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first person

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Illustration by Marley Allen-Ash

For families that look after aging parents, especially in the midst of a pandemic, life can feel like it’s in a constant state of emergency. I’m sure my sister and I aren’t the only ones forced to create a patchwork of support in a system fraying at the seams.

For us, that has meant enlisting the services of the Toronto Blue Jays via every televised game we can find. It might take a village to raise a child but during the unrelenting waves of COVID-19 it has taken my family, a village, and the entire Jays roster to help my parents through their final innings.

That may sound facile or flippant. It is, however, a prayer of thanks. The irrepressible young Jays team is like one big reliever swooping in to save my family’s collective sanity again and again.

My father spent half his life coaching baseball but figured life had benched him when his toughest season began in early 2020 after he was rushed to hospital with a broken hip. Luckily, my sister and I were allowed to stay overnight at my parents’ assisted-living apartment during those early days of COVID to help our mother, who has dementia. Like so many, she couldn’t manage alone.

In those frantic first weeks, my mother and I would sink into the couch in the evenings to watch whatever game we could find, just as we’d sunk into the bleachers on baseball diamonds for the first two decades of my life. I smuggled popcorn and pop into her facility and we’d get lost in an inning or two as confusion and anxiety began to dissipate with every pitch.

Much of my young life was spent on a baseball field. My father coached all his kids – and countless others in our small British Columbia town. Our connection to the game began on those dusty diamond days and would eventually evolve into big-league fandom. Each summer my parents, their grown children, grandchildren and anybody else who might hop in the car, would pile across the B.C. border to watch the Mariners play the Blue Jays.

As I watched those TV games with my mother, I realized what I loved is the ridiculousness of the sport: the superstitions, the eccentricities, the joy. I couldn’t wait for the next road trip.

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Instead, in spring 2020 Major League Baseball’s spring training was abruptly cancelled and we broke my father out of the hospital days before the facility locked down.

Their seniors’ home went on heightened alert, too. And although my dad had at least some medical help, my parents were at a loss about how to care for each other. Our mother wandered and that meant she sometimes got lost which terrified my father – and us. Still, she’d sit for nine innings of a Jays game to allow us all some relief from worrying for a few hours. I’d occasionally even hear my father ask, “Who’s playing?” through the phone as he attempted to keep her interested – and safe.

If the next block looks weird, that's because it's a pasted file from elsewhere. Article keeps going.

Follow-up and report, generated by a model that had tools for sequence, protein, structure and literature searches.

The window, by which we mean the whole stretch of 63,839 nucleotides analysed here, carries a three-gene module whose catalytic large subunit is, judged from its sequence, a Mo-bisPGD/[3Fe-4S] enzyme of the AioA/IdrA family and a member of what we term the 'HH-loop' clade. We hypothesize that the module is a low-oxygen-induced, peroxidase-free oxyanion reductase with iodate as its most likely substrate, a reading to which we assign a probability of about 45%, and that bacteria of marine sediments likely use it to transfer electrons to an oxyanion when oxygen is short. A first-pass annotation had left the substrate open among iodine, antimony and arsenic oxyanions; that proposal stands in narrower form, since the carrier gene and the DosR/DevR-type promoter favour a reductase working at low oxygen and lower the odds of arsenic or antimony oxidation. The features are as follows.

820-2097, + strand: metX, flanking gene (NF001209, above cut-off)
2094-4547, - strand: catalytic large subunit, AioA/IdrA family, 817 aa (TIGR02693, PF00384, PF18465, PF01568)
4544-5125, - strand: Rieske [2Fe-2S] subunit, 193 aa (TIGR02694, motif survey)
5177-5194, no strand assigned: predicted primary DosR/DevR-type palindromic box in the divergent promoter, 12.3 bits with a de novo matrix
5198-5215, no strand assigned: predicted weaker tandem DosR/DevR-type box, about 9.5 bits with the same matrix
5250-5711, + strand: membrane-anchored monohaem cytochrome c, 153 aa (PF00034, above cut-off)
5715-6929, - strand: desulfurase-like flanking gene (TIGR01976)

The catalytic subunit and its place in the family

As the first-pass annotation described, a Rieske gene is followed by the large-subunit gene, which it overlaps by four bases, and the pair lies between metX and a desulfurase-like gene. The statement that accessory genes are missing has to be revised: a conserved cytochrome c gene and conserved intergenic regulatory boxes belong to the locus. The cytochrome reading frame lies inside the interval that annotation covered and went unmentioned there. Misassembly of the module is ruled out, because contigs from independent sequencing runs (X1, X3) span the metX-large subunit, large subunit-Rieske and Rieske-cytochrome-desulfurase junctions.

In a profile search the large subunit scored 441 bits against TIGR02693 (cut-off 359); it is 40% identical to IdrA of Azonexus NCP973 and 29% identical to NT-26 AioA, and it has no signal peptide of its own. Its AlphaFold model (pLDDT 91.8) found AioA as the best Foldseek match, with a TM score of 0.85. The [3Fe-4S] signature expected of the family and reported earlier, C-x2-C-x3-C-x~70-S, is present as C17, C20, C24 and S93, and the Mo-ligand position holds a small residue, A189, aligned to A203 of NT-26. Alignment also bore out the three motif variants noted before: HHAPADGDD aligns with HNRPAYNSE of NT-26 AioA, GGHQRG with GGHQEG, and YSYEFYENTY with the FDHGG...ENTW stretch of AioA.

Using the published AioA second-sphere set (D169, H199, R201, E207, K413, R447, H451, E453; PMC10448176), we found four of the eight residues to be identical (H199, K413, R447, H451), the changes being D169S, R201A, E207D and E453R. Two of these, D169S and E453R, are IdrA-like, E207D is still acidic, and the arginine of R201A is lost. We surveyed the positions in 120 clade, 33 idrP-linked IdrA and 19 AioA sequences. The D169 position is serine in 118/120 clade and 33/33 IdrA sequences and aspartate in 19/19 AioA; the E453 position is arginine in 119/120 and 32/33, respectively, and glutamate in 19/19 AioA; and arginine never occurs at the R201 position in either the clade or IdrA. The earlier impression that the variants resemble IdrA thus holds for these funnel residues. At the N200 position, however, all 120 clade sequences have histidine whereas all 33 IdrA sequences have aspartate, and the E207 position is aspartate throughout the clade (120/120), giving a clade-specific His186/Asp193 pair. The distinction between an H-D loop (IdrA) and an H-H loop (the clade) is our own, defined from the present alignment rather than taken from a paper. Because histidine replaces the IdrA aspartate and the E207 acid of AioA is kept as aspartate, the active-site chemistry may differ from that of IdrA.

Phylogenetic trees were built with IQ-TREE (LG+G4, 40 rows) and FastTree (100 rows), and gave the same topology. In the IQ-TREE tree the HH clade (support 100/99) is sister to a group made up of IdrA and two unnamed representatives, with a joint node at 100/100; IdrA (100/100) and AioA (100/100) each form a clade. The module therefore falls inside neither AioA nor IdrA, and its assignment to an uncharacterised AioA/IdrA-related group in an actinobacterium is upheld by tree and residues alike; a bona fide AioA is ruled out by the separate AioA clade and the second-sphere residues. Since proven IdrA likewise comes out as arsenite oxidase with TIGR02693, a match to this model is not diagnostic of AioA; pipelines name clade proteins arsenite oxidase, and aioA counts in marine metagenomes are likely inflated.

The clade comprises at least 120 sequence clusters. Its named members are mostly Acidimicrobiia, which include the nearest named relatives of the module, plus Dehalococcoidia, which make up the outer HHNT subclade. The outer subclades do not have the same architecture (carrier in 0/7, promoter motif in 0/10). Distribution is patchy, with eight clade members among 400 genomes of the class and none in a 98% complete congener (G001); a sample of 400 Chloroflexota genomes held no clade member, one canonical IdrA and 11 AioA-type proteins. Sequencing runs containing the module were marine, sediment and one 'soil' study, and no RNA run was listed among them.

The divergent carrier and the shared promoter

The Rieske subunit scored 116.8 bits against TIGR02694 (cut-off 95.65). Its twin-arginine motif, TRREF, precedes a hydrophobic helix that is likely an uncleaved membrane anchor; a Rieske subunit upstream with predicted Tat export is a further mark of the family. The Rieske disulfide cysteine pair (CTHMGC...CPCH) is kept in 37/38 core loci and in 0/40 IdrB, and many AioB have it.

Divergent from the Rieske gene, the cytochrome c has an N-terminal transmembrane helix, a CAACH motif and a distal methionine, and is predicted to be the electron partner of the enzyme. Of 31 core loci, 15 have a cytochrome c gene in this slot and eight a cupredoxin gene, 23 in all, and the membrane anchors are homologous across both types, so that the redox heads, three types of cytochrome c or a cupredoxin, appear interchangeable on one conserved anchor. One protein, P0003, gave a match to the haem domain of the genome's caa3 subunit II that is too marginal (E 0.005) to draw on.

You take your wins where you can.

My parents became frailer during the endless hours of isolation, which started in one season and continued into another. Even as the lockdowns eased, it became clear they needed more help. The pair would watch 2021′s thrilling final games of the Jays’ regular season in a long-term care facility.

It was the right move – even if the shift from their own home to assisted living to long-term care felt a bit like a journeyman player’s fall from the big leagues to the minors. They struggled to find a reason to keep going. We all did.

As the Jays got hot last summer, my forgetful mother began to recognize players Vladimir Guerrero Jr., Bo Bichette and the crew on sight. She loved their heavy-hitting talent – but it was their boundless joy that kept her coming back.

Steps away in his hospital bed, something was also happening to my father as the boys of summer got closer to the playoffs. I’d like to think he recognized something in them he used to foster on the field. Hope.

I fell into the routine of doing the play-by-play since he could barely see the screen. As we listened to the familiar rhythm of the ball off the bat, a calm fell over my mother, my father and me. This was no longer our go-to emotion but in those moments, between pitches, it felt like we were home.

It would be the last season of ball for my father who was just too worn out to wait for another spring. I have the ball cap I bought him last season beside me as I write. I wore it on the Jays’ opening day in April.

Who knows what this year will bring for my mother – or us. My sister and I continue to navigate her health care alongside dedicated but exhausted caregivers. COVID remains a fickle unrelenting opponent and our crumbling elder-care system isn’t going to make a comeback any time soon.

But baseball is back.

And I will forever have the memory of my father, half asleep across the room, transformed once again into the optimistic third base coach he’d always been while the Blue Jays fought fiercely in the final stretch last season. He revelled in their grit and didn’t seem to care they might not make the playoffs despite the inspired late-season rally. He understood their fate was out of their hands. He knew a thing or two about that feeling.

As this season continues – with all the unknowns ahead on and off the field – I’ll try and remember my dad’s last pep talk whispered from his hospital bed to what felt like everyone and no one in particular.

“Keep swinging the bat,” he reminded us all. “You gotta just keep swinging.”

Lynn Easton lives in Maple Ridge, B.C.

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